Pittsburg dispatch. (Pittsburg [Pa.]) 1880-1923, February 01, 1889, Page 6, Image 6

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ffle. States That His Teams
"WIU Play in America.
President Kimick Poinls Out What
llie League Law Is.
'An Interesting Two-Year-Old Eace Between
Local Tonngsters.
Baseball enthusiasts are now given an
.other instalment of interesting news con
cerning the Australian ball players, that is
the players now covering the world's circuit
tinder the guidance or order of President
Spalding, of the Chicago club. Al Pratt, who
has been on a brief visit West, returned yes
terday, and he told of the contents of a very
important letter that Mr. Walter Spalding
had received from President Al Spalding.
The letter referred definitely to two very
important features of tbe trip, probably the
most Important. Mr. Pratt read the letter,
and yesterday he said:
"Mr. Spalding's letter from Australia to his
brother, "Walter, oucht to allay all anxiety
about the Australian teams playing exhibition
Kaines in this country when they return. Al
Spalding distinctly says in his letter thatall the
players now under his charge hare pledged
; themselves to remain with him until the Ameri-
can programme is carried out. President Spald
ing's letter leaves no doubt whatever on this
point, and it is safe to say that the boys who have
with Spalding in foreign countries, will not de
sert him when they arrive at home. All the
talk about the various clubs going to do this
and that, I pay little attention to, because every
player in the two teams now across tbe seas is
getting tbe best of practice and exercise. Cer
tainly if any player sticks to Spalding thelatter
will never desert him, and it may be found that
Al Spalding is a very determined business
The statement made by Mr. Pratt, or at least
by Mr. Al Spalding's letter, is a very signifi
cant one to the League clubs. It now seems
certain that the -Australians' will not got
home until a considerable time after the time
for reporting to the respective clubs has been
announced. If this is to be so then the right
of various clubs to claim the services of cer
tain players will become discussable. Whether
the players who have roughed or gloried it
with Spalding on a very great and experiment
al trip will respond In person to any calls that
their clubs may make remains to be seen. The
fact remains, however, that recording to Presi
dent Spalding the players now with him mean
to stick to his enterprise providing it does not
prevent them from taking part in the first of
the championship cames.
However, there is another fcaturo of the
question, that is the part that nianacers and
other officials of local clubs will plav in the af
fair. It has already been stated that Pittsburg,
that proverbial place, will demand the fulfil
ment of every feature of aU or any contracts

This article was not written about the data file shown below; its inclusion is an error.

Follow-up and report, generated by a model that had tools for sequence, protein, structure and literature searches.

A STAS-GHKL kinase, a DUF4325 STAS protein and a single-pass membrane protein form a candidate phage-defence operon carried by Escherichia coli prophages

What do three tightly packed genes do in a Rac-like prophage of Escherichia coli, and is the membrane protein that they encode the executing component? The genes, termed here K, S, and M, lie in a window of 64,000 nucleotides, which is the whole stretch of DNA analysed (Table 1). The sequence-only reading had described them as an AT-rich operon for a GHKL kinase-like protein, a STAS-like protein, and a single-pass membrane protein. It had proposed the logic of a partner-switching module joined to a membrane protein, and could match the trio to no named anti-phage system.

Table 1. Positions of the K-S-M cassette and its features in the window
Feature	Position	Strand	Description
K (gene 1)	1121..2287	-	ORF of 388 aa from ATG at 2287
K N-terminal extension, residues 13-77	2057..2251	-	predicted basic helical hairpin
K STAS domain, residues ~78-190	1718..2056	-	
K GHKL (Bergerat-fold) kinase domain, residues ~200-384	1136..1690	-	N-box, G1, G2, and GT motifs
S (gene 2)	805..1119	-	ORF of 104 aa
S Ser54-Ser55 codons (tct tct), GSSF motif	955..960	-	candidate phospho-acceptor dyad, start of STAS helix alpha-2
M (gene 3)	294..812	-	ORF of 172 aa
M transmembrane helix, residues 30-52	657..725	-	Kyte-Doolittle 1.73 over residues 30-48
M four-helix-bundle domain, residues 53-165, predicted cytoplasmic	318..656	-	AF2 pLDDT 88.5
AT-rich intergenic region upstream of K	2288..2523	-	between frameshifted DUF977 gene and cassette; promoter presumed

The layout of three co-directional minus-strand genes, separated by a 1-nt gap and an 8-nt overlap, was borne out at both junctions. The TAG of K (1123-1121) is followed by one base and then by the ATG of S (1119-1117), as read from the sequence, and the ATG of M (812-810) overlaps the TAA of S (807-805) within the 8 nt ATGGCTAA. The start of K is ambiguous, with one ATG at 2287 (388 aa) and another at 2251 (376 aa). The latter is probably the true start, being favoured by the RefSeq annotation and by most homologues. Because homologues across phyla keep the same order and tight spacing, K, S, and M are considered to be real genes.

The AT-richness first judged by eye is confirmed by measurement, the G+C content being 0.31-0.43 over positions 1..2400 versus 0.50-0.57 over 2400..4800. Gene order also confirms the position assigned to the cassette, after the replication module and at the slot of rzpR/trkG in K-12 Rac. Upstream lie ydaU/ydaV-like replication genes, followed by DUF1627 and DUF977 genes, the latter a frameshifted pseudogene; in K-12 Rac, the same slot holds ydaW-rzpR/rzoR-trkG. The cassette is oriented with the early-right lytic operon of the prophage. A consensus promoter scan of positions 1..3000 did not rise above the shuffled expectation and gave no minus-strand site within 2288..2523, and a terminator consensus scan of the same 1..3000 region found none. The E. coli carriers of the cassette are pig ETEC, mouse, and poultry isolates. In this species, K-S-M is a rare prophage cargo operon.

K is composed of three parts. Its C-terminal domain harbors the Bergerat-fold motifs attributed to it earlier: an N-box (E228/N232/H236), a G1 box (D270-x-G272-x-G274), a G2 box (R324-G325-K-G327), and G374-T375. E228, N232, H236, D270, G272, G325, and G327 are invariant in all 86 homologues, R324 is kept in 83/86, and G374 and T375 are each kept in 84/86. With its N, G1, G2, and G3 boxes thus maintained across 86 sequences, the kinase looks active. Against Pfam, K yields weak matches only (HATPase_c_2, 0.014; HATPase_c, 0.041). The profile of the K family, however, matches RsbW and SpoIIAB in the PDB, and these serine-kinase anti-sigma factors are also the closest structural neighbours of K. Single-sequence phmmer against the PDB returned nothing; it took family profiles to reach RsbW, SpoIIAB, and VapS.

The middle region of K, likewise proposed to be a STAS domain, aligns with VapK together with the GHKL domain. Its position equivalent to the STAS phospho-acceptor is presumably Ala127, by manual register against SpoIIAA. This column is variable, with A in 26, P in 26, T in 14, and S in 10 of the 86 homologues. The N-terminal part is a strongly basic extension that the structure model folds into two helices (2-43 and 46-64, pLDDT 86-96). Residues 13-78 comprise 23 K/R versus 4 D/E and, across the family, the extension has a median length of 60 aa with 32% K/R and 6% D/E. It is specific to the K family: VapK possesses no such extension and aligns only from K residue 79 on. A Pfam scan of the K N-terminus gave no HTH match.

made with its plavers. In other words, it is
claimed that tbe Pittsburg club demands Car
roll on the first day of the season.
There is also a desire to give JIanlon the
same orders. Whether the club can accom
plish what is desired or not remains to be seen.
True it is that the local club is not now so dis
posed to higgle about players as formerly. The
truth is that there is not that amount of anxiety
for Rowc now as there was a short time since.
The same spirit may operate in tbe Hanlon
case. He is not signed yet, and he may be
ciren a little unusual latitude simply because
he is supposed to be all right. It is understood,
how ever, that the club wants both Carroll and
Hanlon at tbe first of the season. Both men are
playing regularly and are playing in good form,
probably better than they did last September.
Their absence for a few exhibition games will
certainly not interfere with the practice of
other players of the club. What the experi
ments could do with Carroll and Hanlon
J resent they could do when they are absent,
n tbe meantime the two players named are in
safe keeping.
But it the Pittsburg club and others are de
termined on claiming tbeir respective pounds
of flesh when the teams arrive in this country
there wUl be many excellent programmes
spoiled, more correctly speaking, ruined.
Speaking generously it does not seem that any
club's practice will be interfered with by the
absence of any particular member of that
team. It is also probable that tbe
club that persist in having their own from
Spalding's two teams may incur a public dis
favor that will be difficult to overcome. We
all want to see the two teams just as they
played in the presence of foreign potentates
and rulers. uoever stops us from enjoying
this pleasure will have a troublesome time in
explaining matters.
President Spalding's letter also stated that
the trip throughout Australia had been a
financial success. Money has been made there,
but President Spalding states that the trip
from Australia to America by the route now
being traveled will be expensive. As a result
the venture will not be a financial success
taken as a whole. President Spalding points
out that as a total outlay tbe trip will cost him
a considerable sum of money. All this goes to
show tbe necessity of every" club stretching a
few points to help the teams when they return.
The Local Dos Show Continues to Attract
To-day will finish the dog show, and those
who have not seen all the attractions at the
rink had better do so before the excellent
canines are taken away. Yesterday the rink
was crowded with delighted spectators as on
Wednesday. There was much to amuse and
instruct, and one pleasing feature was the large
attendance of ladies. Of course, the perform
ing dogs of Prof. Parker were the admiration
of all who saw them. They ill perform twice